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What sanctions on Turkey say about Trump's brand of diplomacy

Why We Wrote This

Turkey's economy was already reeling when President Trump imposed toughened sanctions in a dispute over the detention and trial of an American pastor. The president's choice of such action is both unusual and telling, analysts say.

Emre Tazegul/AP
Andrew Brunson, an evangelical pastor from Black Mountain, N.C., arrives at his house in Izmir, Turkey, on July 25, 2018. Mr. Brunson, who had been jailed in Turkey for more than 1-1/2 years on terror and espionage charges, was released and will be put under house arrest as his trial continues. The Treasury Department is imposing sanctions on two Turkish officials over Brunson's detention.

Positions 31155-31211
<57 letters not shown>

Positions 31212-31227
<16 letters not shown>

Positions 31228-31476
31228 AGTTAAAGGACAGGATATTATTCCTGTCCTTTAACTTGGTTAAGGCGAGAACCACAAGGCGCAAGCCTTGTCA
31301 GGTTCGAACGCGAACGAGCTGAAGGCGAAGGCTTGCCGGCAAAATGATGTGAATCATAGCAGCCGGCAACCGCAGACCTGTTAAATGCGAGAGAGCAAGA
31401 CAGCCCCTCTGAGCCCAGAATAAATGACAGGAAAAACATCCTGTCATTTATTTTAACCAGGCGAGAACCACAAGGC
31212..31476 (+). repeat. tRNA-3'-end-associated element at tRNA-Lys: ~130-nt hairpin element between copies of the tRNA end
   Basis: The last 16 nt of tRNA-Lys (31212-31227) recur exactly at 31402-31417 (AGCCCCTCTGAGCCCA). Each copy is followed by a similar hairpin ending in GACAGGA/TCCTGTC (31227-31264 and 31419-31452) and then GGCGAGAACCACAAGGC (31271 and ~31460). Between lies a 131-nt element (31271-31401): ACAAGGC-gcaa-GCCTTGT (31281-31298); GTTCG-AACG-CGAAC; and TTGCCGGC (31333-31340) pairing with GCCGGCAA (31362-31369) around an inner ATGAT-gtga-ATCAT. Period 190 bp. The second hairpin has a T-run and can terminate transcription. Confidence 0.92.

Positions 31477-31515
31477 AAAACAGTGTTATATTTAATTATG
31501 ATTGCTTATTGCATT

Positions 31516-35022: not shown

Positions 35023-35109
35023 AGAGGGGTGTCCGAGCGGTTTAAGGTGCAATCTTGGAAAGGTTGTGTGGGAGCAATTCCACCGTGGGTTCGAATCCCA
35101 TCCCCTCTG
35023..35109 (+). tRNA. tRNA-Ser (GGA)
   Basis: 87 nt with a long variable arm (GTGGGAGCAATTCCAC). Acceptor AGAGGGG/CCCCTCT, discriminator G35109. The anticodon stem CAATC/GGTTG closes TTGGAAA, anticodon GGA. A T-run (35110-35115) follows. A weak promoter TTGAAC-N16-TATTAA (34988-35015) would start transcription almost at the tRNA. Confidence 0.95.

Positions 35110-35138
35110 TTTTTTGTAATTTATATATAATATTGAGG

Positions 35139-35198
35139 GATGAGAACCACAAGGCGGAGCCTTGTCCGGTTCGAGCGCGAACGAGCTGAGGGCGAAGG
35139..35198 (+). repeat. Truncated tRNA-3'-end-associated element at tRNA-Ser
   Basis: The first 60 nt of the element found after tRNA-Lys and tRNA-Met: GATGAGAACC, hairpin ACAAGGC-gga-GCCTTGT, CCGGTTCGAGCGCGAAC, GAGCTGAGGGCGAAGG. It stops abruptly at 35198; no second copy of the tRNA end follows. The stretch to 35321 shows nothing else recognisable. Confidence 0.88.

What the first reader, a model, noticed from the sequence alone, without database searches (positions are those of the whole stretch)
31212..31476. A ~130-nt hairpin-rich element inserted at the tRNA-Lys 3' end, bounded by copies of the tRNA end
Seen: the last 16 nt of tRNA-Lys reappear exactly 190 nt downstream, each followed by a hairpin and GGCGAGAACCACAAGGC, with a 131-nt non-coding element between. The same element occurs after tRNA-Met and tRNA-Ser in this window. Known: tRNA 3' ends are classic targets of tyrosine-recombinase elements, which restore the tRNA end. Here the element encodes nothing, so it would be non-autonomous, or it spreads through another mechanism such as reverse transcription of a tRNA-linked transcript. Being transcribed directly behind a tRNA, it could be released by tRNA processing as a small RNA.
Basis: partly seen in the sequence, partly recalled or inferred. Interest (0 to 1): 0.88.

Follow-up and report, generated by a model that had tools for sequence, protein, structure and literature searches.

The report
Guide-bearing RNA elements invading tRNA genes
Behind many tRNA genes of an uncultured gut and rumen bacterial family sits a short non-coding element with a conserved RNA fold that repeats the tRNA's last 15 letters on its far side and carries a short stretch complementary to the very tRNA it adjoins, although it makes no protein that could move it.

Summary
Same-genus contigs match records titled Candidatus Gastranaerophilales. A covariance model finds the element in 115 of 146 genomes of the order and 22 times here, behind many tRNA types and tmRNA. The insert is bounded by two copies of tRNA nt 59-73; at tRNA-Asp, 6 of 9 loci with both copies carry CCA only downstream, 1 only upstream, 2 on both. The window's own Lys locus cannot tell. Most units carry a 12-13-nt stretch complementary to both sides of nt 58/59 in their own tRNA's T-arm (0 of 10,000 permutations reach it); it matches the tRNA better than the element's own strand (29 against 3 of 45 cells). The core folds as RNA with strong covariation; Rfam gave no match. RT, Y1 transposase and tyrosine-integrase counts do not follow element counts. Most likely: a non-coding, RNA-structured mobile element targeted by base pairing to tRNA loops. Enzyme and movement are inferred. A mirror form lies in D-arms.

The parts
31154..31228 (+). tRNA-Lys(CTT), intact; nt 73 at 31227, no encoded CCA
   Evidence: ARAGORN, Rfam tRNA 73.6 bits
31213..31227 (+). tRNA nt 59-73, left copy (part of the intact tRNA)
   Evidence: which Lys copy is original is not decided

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American Andrew Brunson, an evangelical pastor, stands accused in Turkey of spying on behalf of the leaders of a failed 2016 coup. The United States considers the charges baseless. But when President Trump imposed toughened steel and aluminum tariffs on Turkey, a NATO ally, over the pastor’s detention, it was at least unusual, say experts on sanctions. What Mr. Trump’s action reveals, they say, is an administration that remains suspicious and dismissive of diplomacy, while putting more faith in the impact and effectiveness of blunt-force tools to get results. “This is the kind of thing that normally would be resolved quietly behind closed doors,” says George Lopez, an expert in economic sanctions at Notre Dame. Turkey’s president, Recep Tayyip Erdoğan, is showing no signs of bowing to US pressure. On Monday he compared the US action to shooting “bullets into the foot of your strategic partner,” and announced a boycott of American electronics products. Professor Lopez says the unilateral actions on both sides will do nothing to resolve the conflict. “Sanctions are only effective when you have the effective diplomacy and international engagement to go along with them,” he says.